It has an unmistakable look to it, and the next time you see one there’s a good chance you will be able to identify it correctly, like some type of rare sea bird.
This little grinder definitely has a dedicated following in the coffee world, as it harkens back to a time when things were more dependably made and, not only that, but it still grinds for a great cup of coffee if you can find one in good working order.
You never know where or when one of these grinders will make an appearance. For fans of coffee and also collectible antiques, an Armin Trösser grinder is definitely considered to be a “find”.
Many people who have gotten their hands on an Armin Trösser have to do a bit of work on the unit, as older versions of this grinder can have things like a squeaky handle, a rusty hopper, or a dusty grinds bin.
With a little bit of TLC, you can easily start using it again.
It also works good for drip methods of brewing, or for moka pot (which was inspired by its namesake), but it is not specifically designed to grind for espresso unless you have a very deft hand.
Interestingly, it is this old, wooden relic (we mean relic in the nicest way possible, ie. treasure) of a coffee grinder that works best for some of these newer brewing methods which are taking the coffee world by storm these days.
Certainly better than most blade grinders, and even better than some more expensive burr grinders on the market today.
This antique style grinder, like most other manual grinders, is the slower method of coffee grinding, which is a bit of a turn-off for anyone looking for a quick solution to coffee grinding.
We said we wouldn’t go very deep into why burr grinders are better, but we just can’t resist.
If you didn’t know, a slower grind is preferable because it forces the user to grind the beans slower, which actually benefits the grind – read more about how to grind and get the most out of your coffee here.
Hence, the taste of the coffee in your cup becomes much improved.
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Indeed, a slower grind means a cooler grind, and a cooler grind means more of the flavor is preserved because there is no damage from any heat or lost oils on the bean.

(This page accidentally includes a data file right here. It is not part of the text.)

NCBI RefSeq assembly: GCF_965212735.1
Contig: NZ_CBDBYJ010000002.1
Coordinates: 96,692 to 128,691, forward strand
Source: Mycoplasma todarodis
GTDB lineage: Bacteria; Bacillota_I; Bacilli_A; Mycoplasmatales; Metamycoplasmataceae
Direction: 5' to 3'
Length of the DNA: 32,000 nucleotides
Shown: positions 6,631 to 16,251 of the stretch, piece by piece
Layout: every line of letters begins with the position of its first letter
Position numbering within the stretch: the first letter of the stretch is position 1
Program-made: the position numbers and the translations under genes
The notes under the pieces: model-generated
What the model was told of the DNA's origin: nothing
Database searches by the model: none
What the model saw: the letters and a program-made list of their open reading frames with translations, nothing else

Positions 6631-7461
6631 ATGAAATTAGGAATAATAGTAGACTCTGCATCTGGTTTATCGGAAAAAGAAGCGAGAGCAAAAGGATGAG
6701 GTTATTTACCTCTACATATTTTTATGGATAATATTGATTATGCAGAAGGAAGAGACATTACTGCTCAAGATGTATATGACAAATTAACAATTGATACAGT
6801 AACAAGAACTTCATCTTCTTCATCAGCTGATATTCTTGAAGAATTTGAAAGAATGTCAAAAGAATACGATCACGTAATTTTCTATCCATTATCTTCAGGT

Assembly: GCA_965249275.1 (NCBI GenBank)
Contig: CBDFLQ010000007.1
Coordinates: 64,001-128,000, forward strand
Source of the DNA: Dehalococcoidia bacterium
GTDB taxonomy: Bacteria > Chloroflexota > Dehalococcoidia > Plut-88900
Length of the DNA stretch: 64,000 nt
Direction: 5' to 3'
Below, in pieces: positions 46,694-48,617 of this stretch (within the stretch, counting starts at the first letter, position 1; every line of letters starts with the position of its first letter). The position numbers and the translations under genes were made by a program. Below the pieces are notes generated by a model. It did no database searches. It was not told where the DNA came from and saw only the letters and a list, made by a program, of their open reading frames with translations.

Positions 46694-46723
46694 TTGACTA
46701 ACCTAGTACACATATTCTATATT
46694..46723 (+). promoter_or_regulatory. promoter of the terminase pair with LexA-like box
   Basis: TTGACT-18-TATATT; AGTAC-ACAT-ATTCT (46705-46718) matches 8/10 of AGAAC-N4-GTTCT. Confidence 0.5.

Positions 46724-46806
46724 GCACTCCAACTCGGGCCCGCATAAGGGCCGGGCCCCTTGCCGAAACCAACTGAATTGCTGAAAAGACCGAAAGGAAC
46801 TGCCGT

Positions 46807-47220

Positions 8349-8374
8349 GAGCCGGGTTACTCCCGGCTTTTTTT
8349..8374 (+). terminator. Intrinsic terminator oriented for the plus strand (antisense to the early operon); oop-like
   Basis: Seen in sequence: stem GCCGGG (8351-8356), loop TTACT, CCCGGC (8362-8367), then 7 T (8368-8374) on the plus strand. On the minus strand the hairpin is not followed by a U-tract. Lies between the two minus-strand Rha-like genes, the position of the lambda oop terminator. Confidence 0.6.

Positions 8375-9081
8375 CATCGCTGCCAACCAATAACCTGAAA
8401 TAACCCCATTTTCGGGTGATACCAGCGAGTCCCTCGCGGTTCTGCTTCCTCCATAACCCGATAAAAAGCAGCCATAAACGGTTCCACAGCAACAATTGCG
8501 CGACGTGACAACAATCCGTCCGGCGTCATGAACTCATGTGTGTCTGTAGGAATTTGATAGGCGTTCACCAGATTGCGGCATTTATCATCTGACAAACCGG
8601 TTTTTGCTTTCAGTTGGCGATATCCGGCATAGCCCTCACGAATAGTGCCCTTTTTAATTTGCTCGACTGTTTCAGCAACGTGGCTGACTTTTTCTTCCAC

This is the ideal situation for grinding coffee, but coffee drinkers being naturally jazzed up to begin with tend to overlook this and go for the faster method, and larger quantities at once.
If you are just one or two people at home, wanting some coffee, not only is the Armin Trösser a nice display piece, but it does actually do the job that some more expensive electric models cannot do.
No, coffee fans, the Armin Trösser is not a coffee grinder of the more/faster ilk.
You might get about 50 grams of ground coffee for 30 or so seconds of grinding (depending on how fast you turn the handle), but the quality of the grind is really what counts and here is where this grinder excels, especially for French Press (a slightly coarser grind).
The burrs on the Armin Trösser are adjustable, meaning you can play with the burrs in order to get a range of grinds.
Some versions of the Armin Trösser coffee grinder come with a domed lid which encloses the hopper, and makes the grinding a hair quieter, while other versions of this grinder have an open hopper.
With an open hopper, the beans are simply poured in and you should be a little more careful or else you’ll have a bean or two hop right out of there and onto the floor.
All in all, the Armin Trösser is still out there on the market today, and if you’re lucky enough to find it, you may want to give it a try as it delivers a superior cup of coffee.